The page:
Legislative Council: Tuesday, March 21, 2023


Microalgae Biosequestration

In reply to the Hon. T.A. FRANKS ().9 March 2023).

The Hon. C.M. SCRIVEN (Minister for Primary Industries and Regional Development, Minister for Forest Industries): I am advised:

That microalgae are farmed in Whyalla, South Australia. One company is currently licensed to farm microalgae in South Australia. BASF Australia Limited, a category A landbased aquaculture licence located just north of Whyalla, has been licensed to farm the microalgae Dunaliella salina since 2005.

BASF is the world's largest producer of microalgal betacarotene, grown and harvested at Hutt Lagoon in Western Australia, and Whyalla in South Australia.

The carotenoids are derived from the microalgae, Dunaliella salina, that is grown in naturally occurring open-air seawater lagoons. The algae produces carotenoids, predominantly betacarotene, to protect itself from sunlight. This natural colourant has been increasingly used in the food and dietary supplements industries across the world as a healthy replacement for azo dyes.

Production of the microalgae varies from year to year due to changing priorities of the two production sites. Economic data for 2020-21 shows microalgae production in South Australia was 647 tonnes, valued at $4.85 million. However, production has been as high as 4,400 tonnes, valued at $37 million (in 2015-16).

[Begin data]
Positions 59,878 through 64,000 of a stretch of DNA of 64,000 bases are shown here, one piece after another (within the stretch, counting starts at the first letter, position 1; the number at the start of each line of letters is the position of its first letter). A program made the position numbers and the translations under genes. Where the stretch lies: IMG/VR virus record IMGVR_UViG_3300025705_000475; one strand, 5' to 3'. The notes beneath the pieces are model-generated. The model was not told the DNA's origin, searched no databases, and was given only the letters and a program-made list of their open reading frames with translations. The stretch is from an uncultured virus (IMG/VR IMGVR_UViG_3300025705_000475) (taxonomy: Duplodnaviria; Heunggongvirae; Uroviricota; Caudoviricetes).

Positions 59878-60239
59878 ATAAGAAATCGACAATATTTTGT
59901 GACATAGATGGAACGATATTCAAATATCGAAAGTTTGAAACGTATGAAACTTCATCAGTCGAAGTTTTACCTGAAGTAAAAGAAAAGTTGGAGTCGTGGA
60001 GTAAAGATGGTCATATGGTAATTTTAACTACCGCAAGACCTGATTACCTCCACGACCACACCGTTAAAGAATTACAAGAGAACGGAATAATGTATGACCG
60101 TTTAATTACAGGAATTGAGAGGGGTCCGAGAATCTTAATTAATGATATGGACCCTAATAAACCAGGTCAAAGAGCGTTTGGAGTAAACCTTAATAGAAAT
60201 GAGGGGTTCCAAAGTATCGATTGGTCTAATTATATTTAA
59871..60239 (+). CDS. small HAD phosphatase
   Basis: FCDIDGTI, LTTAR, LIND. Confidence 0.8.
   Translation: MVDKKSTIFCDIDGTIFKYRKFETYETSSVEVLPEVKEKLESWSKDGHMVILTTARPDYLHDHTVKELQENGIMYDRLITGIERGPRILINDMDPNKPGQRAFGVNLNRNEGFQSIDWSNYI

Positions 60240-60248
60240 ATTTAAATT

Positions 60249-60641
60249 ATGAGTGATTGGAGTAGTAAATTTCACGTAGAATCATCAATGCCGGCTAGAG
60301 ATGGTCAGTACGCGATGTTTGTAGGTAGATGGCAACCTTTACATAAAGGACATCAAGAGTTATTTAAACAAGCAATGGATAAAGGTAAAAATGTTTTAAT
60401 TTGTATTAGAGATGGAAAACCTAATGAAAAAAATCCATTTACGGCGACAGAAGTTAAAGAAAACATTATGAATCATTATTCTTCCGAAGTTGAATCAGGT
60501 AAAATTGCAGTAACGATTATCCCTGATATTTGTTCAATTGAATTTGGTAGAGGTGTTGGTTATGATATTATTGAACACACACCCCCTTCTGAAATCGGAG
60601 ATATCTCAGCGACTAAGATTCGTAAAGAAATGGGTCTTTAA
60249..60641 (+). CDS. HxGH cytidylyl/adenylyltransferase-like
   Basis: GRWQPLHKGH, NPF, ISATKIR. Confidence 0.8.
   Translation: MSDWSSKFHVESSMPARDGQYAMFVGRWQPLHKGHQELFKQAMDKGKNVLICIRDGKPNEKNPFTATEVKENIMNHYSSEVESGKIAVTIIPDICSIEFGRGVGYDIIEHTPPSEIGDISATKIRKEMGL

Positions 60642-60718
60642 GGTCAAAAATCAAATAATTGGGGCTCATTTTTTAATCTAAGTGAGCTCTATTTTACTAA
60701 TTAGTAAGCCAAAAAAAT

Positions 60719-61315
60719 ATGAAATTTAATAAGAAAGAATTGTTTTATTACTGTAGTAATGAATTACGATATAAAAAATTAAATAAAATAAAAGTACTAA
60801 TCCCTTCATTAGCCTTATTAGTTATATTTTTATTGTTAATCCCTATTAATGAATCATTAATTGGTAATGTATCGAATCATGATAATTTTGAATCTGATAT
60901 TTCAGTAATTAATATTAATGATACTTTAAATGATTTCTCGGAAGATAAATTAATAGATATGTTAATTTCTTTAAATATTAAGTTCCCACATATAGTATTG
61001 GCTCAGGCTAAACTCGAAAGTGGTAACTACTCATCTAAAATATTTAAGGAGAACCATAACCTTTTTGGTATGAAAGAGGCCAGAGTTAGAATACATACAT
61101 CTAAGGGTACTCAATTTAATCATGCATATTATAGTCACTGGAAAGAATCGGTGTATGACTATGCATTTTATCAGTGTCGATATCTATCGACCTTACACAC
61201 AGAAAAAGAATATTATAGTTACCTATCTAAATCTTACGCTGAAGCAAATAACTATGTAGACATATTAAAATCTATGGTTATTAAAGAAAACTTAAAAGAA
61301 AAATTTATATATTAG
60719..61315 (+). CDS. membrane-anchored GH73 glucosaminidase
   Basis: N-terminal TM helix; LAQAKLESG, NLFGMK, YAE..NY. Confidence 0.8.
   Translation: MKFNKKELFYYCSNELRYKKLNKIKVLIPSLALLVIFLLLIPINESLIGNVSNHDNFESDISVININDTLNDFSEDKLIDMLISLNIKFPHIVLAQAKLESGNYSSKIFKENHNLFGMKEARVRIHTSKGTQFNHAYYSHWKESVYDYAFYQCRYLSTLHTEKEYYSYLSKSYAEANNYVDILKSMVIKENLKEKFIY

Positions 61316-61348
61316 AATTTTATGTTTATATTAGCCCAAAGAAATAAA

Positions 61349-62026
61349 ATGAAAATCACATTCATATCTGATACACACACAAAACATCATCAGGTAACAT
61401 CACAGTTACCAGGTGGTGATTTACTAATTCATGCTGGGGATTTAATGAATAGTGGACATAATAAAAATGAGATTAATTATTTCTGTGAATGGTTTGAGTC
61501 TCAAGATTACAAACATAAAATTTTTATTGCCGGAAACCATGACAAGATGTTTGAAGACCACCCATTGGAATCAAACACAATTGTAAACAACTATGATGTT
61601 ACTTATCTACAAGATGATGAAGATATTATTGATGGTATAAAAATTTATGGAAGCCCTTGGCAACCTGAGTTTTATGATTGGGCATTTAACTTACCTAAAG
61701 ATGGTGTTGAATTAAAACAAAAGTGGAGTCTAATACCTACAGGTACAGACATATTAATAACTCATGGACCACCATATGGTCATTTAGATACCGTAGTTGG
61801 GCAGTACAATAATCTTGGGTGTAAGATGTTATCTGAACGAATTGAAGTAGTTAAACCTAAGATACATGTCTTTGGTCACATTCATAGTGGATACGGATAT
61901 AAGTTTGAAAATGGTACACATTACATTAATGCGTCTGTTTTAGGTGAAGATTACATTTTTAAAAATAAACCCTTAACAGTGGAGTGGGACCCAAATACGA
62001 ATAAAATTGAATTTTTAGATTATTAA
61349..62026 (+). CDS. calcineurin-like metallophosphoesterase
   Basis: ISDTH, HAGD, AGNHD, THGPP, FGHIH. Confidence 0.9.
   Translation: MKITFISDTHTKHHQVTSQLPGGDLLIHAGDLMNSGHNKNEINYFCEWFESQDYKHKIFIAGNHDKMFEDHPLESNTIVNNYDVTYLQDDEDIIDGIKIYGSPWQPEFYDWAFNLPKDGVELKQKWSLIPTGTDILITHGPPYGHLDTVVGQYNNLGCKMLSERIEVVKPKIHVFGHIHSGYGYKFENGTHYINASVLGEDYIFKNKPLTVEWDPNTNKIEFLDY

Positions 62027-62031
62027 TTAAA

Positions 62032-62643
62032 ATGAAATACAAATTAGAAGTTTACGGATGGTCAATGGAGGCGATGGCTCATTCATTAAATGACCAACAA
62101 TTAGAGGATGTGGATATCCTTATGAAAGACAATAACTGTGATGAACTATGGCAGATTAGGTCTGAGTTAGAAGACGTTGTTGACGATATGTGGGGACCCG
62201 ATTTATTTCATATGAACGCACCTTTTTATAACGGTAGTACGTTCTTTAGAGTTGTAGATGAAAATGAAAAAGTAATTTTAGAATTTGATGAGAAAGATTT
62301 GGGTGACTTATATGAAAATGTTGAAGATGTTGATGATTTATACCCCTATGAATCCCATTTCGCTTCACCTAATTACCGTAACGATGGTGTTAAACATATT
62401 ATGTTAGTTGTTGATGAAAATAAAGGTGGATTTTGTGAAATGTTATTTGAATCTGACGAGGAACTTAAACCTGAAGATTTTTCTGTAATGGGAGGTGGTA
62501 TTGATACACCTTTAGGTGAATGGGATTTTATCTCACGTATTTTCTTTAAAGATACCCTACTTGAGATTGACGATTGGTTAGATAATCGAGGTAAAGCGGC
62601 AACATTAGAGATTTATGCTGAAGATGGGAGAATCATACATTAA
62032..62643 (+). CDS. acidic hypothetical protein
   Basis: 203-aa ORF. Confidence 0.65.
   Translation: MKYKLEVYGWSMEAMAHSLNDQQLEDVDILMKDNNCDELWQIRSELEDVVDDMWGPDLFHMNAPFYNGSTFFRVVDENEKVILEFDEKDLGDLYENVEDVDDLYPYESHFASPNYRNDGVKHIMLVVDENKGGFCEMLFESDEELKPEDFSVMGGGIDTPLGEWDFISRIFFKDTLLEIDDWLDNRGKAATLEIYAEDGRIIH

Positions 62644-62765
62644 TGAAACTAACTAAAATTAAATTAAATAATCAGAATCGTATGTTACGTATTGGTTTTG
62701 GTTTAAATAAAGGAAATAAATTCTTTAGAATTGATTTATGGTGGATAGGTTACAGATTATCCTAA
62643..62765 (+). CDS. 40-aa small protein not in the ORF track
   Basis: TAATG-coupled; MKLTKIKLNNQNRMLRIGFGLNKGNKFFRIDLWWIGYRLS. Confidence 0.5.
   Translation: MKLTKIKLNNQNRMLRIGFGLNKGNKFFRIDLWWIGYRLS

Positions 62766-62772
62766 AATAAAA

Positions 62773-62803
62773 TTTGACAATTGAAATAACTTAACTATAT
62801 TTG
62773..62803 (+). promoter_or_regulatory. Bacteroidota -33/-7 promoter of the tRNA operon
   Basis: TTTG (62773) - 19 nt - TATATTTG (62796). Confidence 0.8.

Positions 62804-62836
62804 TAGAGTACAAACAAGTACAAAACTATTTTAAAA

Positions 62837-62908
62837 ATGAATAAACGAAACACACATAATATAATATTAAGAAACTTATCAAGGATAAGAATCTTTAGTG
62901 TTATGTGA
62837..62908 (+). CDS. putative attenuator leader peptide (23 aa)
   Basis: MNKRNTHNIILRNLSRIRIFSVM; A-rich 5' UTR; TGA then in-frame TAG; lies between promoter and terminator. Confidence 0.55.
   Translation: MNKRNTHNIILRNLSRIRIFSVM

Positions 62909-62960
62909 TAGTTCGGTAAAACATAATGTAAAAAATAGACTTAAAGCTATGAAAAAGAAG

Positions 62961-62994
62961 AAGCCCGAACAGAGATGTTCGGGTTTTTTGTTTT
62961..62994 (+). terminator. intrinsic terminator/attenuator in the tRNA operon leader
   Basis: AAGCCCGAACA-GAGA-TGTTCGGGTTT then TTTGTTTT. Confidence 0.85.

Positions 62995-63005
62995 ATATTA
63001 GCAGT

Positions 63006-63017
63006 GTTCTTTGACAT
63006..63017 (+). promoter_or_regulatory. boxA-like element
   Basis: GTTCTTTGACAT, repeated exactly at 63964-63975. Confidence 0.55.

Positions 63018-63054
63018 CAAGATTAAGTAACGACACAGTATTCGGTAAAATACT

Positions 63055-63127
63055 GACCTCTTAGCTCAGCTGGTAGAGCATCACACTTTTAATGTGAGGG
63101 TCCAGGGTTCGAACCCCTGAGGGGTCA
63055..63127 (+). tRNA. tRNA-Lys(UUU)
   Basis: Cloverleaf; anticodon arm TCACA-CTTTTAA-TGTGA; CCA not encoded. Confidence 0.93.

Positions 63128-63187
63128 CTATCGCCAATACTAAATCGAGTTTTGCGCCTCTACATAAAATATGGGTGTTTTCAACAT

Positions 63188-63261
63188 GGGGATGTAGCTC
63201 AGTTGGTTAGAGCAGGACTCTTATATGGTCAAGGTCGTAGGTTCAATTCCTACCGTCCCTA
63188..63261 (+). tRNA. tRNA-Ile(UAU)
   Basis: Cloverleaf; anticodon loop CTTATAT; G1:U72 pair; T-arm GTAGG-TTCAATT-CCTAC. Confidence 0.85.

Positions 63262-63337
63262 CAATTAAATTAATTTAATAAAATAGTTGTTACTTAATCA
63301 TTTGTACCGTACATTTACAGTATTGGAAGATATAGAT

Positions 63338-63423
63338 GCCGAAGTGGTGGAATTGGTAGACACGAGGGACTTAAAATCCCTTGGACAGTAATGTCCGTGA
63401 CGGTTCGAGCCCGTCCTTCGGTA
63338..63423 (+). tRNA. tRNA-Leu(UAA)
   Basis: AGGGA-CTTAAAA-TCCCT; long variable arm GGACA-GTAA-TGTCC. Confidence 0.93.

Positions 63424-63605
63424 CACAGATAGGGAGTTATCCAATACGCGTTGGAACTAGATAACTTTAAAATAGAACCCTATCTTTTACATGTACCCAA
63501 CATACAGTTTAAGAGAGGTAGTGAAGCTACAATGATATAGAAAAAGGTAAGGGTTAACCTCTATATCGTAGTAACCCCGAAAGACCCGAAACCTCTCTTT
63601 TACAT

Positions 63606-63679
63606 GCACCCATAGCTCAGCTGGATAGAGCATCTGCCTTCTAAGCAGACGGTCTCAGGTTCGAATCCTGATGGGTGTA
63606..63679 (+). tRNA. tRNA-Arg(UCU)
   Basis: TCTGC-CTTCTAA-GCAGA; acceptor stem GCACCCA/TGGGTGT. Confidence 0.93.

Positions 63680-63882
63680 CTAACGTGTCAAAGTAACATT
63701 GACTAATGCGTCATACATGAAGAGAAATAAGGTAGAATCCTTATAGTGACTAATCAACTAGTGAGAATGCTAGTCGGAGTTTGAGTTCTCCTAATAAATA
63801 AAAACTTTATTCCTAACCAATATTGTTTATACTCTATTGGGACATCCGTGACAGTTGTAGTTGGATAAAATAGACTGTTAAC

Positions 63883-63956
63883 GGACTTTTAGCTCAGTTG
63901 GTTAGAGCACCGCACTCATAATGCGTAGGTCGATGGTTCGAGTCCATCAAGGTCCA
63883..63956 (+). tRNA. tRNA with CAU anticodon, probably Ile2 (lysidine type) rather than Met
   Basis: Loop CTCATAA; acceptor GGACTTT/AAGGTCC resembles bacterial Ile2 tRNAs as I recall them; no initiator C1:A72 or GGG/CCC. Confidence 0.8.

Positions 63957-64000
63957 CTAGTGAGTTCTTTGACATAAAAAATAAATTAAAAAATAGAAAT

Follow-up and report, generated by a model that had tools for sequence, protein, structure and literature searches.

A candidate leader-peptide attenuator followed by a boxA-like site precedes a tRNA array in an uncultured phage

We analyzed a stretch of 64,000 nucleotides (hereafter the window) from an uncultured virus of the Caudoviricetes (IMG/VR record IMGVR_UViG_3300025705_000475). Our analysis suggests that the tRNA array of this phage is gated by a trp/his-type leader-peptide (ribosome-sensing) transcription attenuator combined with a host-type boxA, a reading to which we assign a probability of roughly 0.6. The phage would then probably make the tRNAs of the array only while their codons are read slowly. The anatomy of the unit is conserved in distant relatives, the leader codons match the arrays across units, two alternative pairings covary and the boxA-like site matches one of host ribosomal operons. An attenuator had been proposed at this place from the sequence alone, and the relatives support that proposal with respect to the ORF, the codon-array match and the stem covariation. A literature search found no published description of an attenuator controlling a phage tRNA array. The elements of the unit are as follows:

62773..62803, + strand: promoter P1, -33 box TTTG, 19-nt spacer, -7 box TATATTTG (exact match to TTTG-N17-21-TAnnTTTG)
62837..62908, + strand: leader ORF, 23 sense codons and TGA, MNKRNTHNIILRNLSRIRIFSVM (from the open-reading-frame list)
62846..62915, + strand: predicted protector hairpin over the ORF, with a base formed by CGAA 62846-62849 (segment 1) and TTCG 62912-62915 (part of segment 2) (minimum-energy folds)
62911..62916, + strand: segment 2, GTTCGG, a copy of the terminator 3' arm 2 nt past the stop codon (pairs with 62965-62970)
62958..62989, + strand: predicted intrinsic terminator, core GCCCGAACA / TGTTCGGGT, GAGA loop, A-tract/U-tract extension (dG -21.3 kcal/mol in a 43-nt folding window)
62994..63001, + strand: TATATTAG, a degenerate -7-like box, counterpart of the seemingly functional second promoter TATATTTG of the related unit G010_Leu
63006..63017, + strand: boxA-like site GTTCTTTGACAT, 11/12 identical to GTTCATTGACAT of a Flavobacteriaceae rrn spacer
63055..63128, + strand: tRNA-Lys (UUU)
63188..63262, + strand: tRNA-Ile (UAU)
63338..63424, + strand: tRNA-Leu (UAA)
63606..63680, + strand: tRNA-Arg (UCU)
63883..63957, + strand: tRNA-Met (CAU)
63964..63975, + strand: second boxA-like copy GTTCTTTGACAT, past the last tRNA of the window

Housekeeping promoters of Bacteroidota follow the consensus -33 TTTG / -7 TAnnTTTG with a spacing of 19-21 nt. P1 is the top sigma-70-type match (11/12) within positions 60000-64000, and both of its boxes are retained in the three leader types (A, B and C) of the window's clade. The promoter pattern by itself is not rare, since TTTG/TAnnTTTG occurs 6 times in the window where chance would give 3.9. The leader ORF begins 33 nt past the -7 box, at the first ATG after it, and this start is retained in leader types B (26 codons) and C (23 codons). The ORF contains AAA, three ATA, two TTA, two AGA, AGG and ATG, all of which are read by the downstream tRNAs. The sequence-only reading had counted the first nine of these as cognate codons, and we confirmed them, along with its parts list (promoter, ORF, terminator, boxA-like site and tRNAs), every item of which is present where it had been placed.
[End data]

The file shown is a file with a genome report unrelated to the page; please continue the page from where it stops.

I am also advised the South Australian Research and Development Institute (SARDI) conducts applied research for industry and government specifically on algae, including both microalgae and macroalgae (seaweeds).

SARDI has undertaken research and development on microalgae since 2004, which has included microalgae-based feedstock production for food, high value co-products for nutraceuticals and cosmeceuticals, biofuels including jet fuels, feed, industrial applications and environmental remediation.

Microalgae can be cultivated in high-rate algal ponds such as raceways and photobioreactors in marine, freshwater or brackish water culture media. Both technologies have been evaluated at scale by SARDI for various species and product streams.

The Algal Production Group at SARDI undertook a bioprospecting program covering three states and environments extending from deep oceanic waters to saline inland lakes. Having evaluated over 15,000 samples, a culture collection of about 30 native isolates that belong to the SARDI microalgal culture collection are being maintained under controlled environment conditions. These strains have been selected for their high growth and various attributes of commercial significance. These strains are currently being utilised by SARDI for various industry-funded research projects.

SARDI is currently scoping two microalgal projects with the industry to establish a production facility for omega-3 fatty acids and carotenoid pigments.

SARDI has also previously been commissioned by PIRSA to produce spat for the oyster growing industry, condition oyster broodstock and produce microalgae, as an emergency measure for South Australian hatcheries.